Saturday, September 3, 2022

Fall Reading 2022 A Murder at Balmoral


Love closed room or isolated location mysteries? How about a royal castle closed off from the outside world by walls, key-coded gates, and a raging blizzard? Then add in the suspicious death of the king, the fact that only the Royal Family, their head of security and their chef are present, and you have a real problem. 

Several things make this mystery harder to solve. The story follows the chef, Jon Alleyne, as he works to singlehandedly prepare the Christmas dinner and winds up trying to figure out what or who caused the king's death. Readers see and hear what Jon does, so we only have the same clues he is working from. The family itself is full of secrets and there is no way to know if any of them have a bearing on the situation. The castle is rumored to be haunted. Could that play a part in the tragedy? And the king had requested that the family be left alone for the holiday, so Jon really is on his own in protecting the family while the security chief patrols the perimeter of the grounds.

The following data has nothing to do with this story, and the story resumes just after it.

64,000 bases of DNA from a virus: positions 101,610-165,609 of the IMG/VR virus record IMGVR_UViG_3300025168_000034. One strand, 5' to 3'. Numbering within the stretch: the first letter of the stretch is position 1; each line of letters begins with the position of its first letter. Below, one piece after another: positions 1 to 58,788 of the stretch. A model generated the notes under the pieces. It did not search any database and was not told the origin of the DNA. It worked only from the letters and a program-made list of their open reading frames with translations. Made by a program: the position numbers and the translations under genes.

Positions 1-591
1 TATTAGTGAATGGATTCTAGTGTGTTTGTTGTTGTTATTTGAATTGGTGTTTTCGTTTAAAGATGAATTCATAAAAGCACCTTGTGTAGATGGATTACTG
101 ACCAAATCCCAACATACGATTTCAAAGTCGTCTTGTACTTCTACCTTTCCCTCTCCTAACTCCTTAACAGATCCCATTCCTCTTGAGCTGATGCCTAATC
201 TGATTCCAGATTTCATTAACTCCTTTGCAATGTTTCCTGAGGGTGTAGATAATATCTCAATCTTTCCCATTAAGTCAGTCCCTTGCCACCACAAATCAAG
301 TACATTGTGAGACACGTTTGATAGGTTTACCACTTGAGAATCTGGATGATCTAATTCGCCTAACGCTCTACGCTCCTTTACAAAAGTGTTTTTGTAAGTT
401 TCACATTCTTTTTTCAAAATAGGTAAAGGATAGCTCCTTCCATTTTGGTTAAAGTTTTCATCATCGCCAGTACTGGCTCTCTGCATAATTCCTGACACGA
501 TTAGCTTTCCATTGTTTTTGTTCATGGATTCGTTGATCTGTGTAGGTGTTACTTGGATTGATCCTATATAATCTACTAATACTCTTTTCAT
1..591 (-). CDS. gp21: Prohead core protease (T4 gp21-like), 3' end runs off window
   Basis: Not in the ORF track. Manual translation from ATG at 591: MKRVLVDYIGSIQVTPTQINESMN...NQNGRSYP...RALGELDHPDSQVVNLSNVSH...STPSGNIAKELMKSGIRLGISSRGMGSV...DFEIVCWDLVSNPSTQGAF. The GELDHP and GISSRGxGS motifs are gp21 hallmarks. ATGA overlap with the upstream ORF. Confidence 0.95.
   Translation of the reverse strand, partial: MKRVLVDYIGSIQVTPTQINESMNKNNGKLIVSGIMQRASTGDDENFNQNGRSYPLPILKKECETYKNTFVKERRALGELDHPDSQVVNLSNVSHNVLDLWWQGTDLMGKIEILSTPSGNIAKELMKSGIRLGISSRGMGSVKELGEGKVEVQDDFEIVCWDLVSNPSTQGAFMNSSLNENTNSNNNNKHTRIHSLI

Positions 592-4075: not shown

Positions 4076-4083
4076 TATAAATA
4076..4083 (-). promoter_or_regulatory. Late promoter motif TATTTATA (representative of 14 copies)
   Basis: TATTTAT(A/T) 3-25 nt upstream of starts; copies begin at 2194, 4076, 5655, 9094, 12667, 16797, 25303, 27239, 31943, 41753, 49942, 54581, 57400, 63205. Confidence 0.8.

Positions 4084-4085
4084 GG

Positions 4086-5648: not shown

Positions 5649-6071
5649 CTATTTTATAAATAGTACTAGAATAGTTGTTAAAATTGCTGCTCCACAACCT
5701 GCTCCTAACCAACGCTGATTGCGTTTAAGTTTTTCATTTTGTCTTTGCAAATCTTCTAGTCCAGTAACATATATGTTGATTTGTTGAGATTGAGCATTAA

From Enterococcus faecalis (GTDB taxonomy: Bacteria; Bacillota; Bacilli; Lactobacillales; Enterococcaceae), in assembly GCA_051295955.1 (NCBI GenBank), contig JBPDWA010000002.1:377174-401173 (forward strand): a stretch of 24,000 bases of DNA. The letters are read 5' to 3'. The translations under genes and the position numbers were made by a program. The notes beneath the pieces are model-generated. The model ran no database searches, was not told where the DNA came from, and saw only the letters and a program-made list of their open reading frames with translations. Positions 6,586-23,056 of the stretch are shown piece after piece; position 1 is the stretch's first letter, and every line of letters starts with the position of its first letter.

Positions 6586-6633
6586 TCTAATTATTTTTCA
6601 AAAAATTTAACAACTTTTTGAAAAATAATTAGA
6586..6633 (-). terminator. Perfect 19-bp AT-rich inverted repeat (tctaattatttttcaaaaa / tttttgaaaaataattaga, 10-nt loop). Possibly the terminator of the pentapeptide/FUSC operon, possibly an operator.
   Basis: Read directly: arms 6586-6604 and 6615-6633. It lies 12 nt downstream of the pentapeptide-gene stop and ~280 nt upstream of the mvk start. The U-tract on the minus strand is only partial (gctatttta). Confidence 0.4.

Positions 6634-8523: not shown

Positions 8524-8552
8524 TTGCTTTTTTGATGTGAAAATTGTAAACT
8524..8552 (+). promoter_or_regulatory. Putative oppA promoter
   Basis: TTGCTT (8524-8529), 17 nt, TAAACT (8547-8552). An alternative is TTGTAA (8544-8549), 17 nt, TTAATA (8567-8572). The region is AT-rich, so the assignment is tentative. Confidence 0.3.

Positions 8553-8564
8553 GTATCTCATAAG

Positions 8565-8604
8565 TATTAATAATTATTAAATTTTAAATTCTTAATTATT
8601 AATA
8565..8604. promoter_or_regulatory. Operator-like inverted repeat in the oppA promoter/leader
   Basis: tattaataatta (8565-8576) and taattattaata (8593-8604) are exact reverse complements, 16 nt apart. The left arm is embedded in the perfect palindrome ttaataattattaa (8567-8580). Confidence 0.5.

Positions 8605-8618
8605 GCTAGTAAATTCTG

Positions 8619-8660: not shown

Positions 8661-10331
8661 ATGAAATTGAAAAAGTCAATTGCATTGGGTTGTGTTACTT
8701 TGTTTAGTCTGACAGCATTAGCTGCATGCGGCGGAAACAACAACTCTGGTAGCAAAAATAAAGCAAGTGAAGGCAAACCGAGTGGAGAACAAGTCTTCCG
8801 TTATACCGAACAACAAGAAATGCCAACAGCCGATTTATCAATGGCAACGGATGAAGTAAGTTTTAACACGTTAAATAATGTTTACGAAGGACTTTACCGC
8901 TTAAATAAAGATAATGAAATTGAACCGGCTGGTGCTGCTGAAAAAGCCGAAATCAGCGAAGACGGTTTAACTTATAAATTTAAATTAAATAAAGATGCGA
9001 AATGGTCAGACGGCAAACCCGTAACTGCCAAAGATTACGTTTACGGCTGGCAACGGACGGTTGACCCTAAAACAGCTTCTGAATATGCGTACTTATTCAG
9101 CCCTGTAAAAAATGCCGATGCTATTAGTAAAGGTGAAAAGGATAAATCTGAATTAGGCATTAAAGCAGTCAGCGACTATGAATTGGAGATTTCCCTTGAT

This story weaves together family dynamics, the pressure of living out lives in the public eye at all times, the aging king and the need to name a successor, the control of the establishment over the lives of the family, the expectations of the nation, and Jon's status as an outsider. Can someone not originally born in England or a royal himself hope to understand the motivations and desires of this family?

Readers will be as frustrated as Jon at the limits of what he can do with no help from the outside and members of the family unwilling to be honest with him. The fact that he is one of us, the commoners, makes us root for him to succeed.

Due out on October 25th. I read an advance copy provided for review purposes. 

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